Browse Articles

  • News & Views |

    Epigenetic memory of silent chromatin often requires robust feedback loops between factors processing small non-coding RNAs and enzymes involved in heterochromatin assembly. A study published in Molecular Cell now demonstrates that these feedback loops can persist in a phenotypically neutral state even when gene expression is reactivated, and that they maintain the potential to reinstall heterochromatin in later generations when conditions change.

    • Matías Capella
    •  & Sigurd Braun
  • Article |

    Chris Garcia, David Baker and colleagues use a computational approach to develop designed repeat protein binders (DRPBs), which function as human Frizzled (Fz) subtype-selective antagonists and enable identification of Fz subtypes active in different organs.

    • Luke T. Dang
    • , Yi Miao
    • , Andrew Ha
    • , Kanako Yuki
    • , Keunwan Park
    • , Claudia Y. Janda
    • , Kevin M. Jude
    • , Kritika Mohan
    • , Nhi Ha
    • , Mario Vallon
    • , Jenny Yuan
    • , José G. Vilches-Moure
    • , Calvin J. Kuo
    • , K. Christopher Garcia
    •  & David Baker
  • Article |

    KMT9, a new histone lysine methyltransferase targeting H4K12, is enriched at promoters of genes encoding molecules involved in the cell cycle and controls the growth of androgen receptor–dependent and castration- and enzalutamide-resistant prostate cancer cells and xenograft tumors.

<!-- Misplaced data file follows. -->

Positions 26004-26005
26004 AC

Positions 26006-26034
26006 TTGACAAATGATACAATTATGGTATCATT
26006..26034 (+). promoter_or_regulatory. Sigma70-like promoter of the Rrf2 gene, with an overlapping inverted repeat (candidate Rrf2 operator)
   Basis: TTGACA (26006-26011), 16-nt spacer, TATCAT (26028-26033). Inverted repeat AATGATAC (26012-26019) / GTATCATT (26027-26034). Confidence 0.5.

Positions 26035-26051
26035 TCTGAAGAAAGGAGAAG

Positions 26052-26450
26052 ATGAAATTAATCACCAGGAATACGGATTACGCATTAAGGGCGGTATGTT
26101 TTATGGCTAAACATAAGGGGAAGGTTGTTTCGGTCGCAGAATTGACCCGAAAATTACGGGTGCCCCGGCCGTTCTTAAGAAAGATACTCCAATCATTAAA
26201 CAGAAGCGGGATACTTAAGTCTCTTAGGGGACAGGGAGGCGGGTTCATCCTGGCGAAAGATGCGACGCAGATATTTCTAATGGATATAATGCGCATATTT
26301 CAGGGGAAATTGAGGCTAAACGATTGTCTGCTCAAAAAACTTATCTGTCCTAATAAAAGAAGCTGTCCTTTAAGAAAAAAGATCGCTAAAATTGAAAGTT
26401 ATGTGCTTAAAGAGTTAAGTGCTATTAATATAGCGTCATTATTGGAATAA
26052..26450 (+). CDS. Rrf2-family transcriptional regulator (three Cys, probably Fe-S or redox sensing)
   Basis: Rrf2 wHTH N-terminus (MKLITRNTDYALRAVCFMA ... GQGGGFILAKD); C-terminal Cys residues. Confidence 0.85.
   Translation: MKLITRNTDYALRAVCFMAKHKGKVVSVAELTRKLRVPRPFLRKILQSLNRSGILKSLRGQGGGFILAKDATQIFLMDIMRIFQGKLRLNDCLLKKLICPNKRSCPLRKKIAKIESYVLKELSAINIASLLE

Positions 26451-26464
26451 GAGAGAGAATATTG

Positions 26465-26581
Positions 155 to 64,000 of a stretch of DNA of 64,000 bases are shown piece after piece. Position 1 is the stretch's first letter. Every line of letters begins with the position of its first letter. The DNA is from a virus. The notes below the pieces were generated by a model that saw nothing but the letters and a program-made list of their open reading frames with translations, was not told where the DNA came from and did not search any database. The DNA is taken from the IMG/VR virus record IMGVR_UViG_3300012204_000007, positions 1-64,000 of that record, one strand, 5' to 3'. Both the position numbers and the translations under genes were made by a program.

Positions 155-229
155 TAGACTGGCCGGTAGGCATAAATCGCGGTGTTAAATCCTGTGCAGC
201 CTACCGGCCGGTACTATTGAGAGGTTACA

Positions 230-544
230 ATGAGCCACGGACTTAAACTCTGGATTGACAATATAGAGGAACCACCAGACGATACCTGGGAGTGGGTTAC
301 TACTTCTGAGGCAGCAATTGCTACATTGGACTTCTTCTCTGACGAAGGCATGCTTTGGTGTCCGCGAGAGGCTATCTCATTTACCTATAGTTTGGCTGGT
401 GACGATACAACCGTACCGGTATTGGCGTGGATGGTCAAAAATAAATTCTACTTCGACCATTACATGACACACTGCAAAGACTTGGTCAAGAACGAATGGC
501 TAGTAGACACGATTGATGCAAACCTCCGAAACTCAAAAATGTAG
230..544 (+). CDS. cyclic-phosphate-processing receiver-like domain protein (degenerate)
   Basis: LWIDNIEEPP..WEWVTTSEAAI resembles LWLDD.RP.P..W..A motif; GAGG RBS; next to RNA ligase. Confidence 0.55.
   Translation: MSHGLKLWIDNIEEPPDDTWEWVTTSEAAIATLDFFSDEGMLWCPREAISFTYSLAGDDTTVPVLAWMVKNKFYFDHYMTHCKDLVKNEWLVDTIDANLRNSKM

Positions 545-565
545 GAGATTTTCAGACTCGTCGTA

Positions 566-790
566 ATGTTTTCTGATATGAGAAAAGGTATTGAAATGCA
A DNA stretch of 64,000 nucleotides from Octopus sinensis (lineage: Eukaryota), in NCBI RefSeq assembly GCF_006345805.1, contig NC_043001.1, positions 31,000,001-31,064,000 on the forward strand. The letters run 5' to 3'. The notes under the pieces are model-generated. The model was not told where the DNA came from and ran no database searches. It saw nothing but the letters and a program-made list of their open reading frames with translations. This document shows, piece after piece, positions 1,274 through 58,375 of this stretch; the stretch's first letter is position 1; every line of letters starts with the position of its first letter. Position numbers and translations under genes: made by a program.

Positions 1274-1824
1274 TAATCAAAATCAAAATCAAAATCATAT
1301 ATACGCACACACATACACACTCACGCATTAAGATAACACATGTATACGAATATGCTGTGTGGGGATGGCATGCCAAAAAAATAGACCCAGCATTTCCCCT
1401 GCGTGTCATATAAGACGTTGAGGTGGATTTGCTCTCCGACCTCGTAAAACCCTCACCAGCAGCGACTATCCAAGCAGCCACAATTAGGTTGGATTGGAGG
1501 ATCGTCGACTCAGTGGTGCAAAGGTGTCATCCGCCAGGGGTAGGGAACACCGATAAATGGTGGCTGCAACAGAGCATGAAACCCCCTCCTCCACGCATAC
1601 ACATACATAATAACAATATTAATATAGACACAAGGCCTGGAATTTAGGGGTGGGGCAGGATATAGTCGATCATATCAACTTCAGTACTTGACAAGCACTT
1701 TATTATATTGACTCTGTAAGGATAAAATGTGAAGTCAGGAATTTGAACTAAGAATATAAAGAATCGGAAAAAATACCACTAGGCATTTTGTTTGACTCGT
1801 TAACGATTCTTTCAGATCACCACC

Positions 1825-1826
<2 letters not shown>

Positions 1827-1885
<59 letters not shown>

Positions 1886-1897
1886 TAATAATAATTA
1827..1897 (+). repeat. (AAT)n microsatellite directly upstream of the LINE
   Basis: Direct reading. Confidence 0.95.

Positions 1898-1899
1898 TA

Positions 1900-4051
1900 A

• Eric Metzger
    • , Sheng Wang
    • , Sylvia Urban
    • , Dominica Willmann
    • , Andreas Schmidt
    • , Anne Offermann
    • , Anita Allen
    • , Manuela Sum
    • , Nadine Obier
    • , Félicie Cottard
    • , Svenja Ulferts
    • , Bogdan-Tiberius Preca
    • , Bianca Hermann
    • , Jochen Maurer
    • , Holger Greschik
    • , Veit Hornung
    • , Oliver Einsle
    • , Sven Perner
    • , Axel Imhof
    • , Manfred Jung
    •  & Roland Schüle
  • Resource |

    A quantitative atlas of RNA m5C sites in human and mouse tissues based on a new discovery pipeline allows the identification of sequence motifs and structural features associated with the modification and provides a resource for future studies.